I will not deny that, observed from the outside, different aesthetics definitely inspire different feelings in the spectator. However, my experience is that aesthetics have very little to do with the actual experience of the dancers.

I have danced with milongueros who dug his fingers into my ribs and twisted my right hand. I have danced with milongueros who led me with such gentleness that I could not pinpoint exactly where the lead was coming from other than that it was a pleasurable wave, sending me into tango bliss.

I have danced with salon dancers who had so little sense of timing that they often sent me bouncing against the edges of their stiff embrace. I have danced with salon dancers whose complete control of their body, subtle musicality and yielding, sensitive embrace filled me with awe, sending me into tango bliss.

And probably for the most maligned style of all, I have danced with nuevo dancers who fit all of the bad stereotypes, throwing me around into steps that seemed randomly selected with no relationship to the music and no regard to the constraints of the space, putting me in a permanent alert mode to avoid hitting other dancers. But I have also danced with nuevo dancers who adjusted the amplitude of their movements as dictated by the crowdedness of the milonga so that I never for a moment had to worry, and used the elasticity inherent to that style in open or close embrace to create delightful, dynamic musical interpretations… sending me into tango bliss.

The common point among these delightful dancers across all styles is that they had good technique: good control of their own movement and good understanding of their partner’s movement, so that the lead was gentle and yet clear and precise, consistent with the music and with the space available around us.

Aesthetics is not the same as technique. Good aesthetics will make a dance pleasant to watch. Good technique will make a dance pleasant to dance.

Technique is a wonderful thing: it frees us from concerns of how to do something so that we can fully immerse ourselves in the experience of doing, effortlessly.

And yet, technique is not the same as connection.

I want to elaborate on this but decided to give the sentence above its very own paragraph, hoping to drive this point home: technique is no substitute for connection. Technique is a servant to connection, a means to an end. Technique is a supporting actor, connection is the main actor. I could go on paraphrasing myself and I am sure in some way what I am saying is nothing new, we know this to some degree, but do we — myself included — really know it? And do we act consistently with this knowledge?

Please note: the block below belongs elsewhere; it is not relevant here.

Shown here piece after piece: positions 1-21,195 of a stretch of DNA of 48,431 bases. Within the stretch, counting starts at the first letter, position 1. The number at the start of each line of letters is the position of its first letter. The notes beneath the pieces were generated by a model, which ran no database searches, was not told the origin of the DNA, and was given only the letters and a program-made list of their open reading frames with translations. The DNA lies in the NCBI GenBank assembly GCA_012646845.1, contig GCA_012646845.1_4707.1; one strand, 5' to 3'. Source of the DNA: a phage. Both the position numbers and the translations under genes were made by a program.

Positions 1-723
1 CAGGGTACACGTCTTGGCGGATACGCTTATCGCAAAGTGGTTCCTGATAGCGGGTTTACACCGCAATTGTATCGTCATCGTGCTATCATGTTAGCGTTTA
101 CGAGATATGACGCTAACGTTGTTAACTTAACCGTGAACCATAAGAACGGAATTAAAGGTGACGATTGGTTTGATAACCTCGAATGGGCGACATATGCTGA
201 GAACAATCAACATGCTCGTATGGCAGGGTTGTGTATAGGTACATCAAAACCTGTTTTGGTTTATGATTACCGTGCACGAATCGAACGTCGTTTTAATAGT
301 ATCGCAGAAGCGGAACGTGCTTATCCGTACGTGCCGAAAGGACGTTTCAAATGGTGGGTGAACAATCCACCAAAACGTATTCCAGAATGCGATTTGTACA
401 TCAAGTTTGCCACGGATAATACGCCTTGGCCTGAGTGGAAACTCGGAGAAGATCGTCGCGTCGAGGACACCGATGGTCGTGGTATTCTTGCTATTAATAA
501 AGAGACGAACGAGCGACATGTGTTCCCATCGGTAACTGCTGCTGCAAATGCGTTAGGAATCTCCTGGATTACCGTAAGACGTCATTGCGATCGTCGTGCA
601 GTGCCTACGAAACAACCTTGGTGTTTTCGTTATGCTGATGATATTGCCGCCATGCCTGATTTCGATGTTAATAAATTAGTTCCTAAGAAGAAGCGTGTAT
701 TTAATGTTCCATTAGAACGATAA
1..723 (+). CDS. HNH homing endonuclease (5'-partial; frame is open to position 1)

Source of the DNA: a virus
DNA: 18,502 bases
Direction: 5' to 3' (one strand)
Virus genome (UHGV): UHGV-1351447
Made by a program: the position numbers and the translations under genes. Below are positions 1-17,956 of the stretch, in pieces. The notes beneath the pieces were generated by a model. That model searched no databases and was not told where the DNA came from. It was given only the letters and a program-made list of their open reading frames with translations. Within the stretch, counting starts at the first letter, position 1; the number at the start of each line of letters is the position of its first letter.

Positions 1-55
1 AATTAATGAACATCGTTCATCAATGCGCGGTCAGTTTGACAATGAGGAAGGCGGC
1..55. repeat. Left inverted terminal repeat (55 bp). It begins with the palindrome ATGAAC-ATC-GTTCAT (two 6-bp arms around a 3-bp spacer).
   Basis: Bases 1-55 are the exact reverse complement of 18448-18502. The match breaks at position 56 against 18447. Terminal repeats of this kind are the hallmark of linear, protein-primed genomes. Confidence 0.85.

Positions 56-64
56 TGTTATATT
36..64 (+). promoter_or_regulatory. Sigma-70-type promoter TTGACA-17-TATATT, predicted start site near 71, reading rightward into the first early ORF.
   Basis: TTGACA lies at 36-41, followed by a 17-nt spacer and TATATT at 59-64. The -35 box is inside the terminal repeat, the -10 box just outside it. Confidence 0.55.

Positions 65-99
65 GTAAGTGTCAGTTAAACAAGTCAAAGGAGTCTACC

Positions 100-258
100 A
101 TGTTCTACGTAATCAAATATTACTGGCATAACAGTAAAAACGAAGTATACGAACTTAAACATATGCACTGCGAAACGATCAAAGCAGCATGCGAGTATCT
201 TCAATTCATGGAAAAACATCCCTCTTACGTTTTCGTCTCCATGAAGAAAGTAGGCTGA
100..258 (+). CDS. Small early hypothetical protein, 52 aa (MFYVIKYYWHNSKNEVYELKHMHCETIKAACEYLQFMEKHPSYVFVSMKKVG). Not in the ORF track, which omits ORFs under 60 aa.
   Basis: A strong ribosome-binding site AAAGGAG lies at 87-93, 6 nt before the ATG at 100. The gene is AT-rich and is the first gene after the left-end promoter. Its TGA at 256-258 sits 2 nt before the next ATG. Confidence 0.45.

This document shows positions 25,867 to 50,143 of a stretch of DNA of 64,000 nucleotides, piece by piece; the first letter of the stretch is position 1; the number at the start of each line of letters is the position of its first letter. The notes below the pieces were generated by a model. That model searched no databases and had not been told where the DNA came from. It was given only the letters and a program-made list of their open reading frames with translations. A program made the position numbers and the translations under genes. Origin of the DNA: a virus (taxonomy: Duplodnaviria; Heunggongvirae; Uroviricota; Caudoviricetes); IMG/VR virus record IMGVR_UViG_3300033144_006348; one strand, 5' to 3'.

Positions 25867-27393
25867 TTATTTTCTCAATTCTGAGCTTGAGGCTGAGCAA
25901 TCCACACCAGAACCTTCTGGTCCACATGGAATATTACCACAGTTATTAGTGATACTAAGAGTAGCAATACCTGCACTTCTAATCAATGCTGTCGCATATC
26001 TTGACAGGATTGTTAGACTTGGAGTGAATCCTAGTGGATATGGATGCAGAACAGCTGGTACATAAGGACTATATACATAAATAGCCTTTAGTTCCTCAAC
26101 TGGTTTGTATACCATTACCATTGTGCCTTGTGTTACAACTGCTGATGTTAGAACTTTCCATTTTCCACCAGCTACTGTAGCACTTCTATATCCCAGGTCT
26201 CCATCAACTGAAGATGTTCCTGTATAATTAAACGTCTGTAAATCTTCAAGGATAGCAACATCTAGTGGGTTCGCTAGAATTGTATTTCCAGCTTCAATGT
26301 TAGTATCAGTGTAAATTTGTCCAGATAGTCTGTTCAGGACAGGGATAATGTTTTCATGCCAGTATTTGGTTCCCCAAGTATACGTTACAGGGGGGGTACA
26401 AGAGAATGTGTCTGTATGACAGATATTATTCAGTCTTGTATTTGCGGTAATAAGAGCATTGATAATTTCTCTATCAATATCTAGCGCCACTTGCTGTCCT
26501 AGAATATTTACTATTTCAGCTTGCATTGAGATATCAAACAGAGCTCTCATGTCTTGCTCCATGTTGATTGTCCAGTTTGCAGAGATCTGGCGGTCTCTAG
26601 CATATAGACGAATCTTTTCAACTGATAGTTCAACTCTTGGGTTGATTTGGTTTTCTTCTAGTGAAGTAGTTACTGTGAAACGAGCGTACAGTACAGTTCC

Where is our focus as we try to improve as dancers, as we think of a dancing ideal, as we select dancing partners in the milonga, as we go through each tanda?

Several years ago a well-known, top couple was visiting New York. To my surprise, at one of the milongas the leader invited me to dance. It was a fun tanda: he was obviously highly skilled and had a vibrant musicality. But what I remember the most is his dismissive attitude when the tanda ended: he did not even look at me as we thanked each other and parted ways.

Not too long ago I danced with a gentleman who was not as skilled or as musical. He held me with incredible gentleness and made me feel like a treasure. I was overcome by great emotion as we danced in the simplest of ways. That we were dancers dancing Argentine tango was completely irrelevant during those ten minutes: we were two human beings, reaching out from the isolation of our individual paths but for a brief moment, filled with appreciation for the privilege of holding one another.

What do you wish for in your path as a dancer, social or otherwise?

What I wish for is that in each dance — performances included — I may have the courage to present myself with complete authenticity, a flawed human being before another flawed human being, feeling safe in the certainty that I will be fully accepted for who I am. I wish that my partner will allow me to see him in his emotional nakedness, reassured that I will embrace him in his totality. In that moment of exquisite vulnerability when we take each other in the arms, we will make a pact to share our emotions for the next ten minutes. All sincere expression that arises from our encounter will be not only acceptable but, in fact, perfect. We may giggle lightheartedly, inspired by a silly melody and because we are feeling so good to be here right now, all problems left at the entrance of the milonga; we may join each other in a focused physical experience, delighting in the sensory feast of movement and music; we may just be still together, nursing a raw pain that feels too heavy to carry it alone and that doesn’t lend itself to expansive movement, but that feels a bit lighter in the sacred space of the embrace.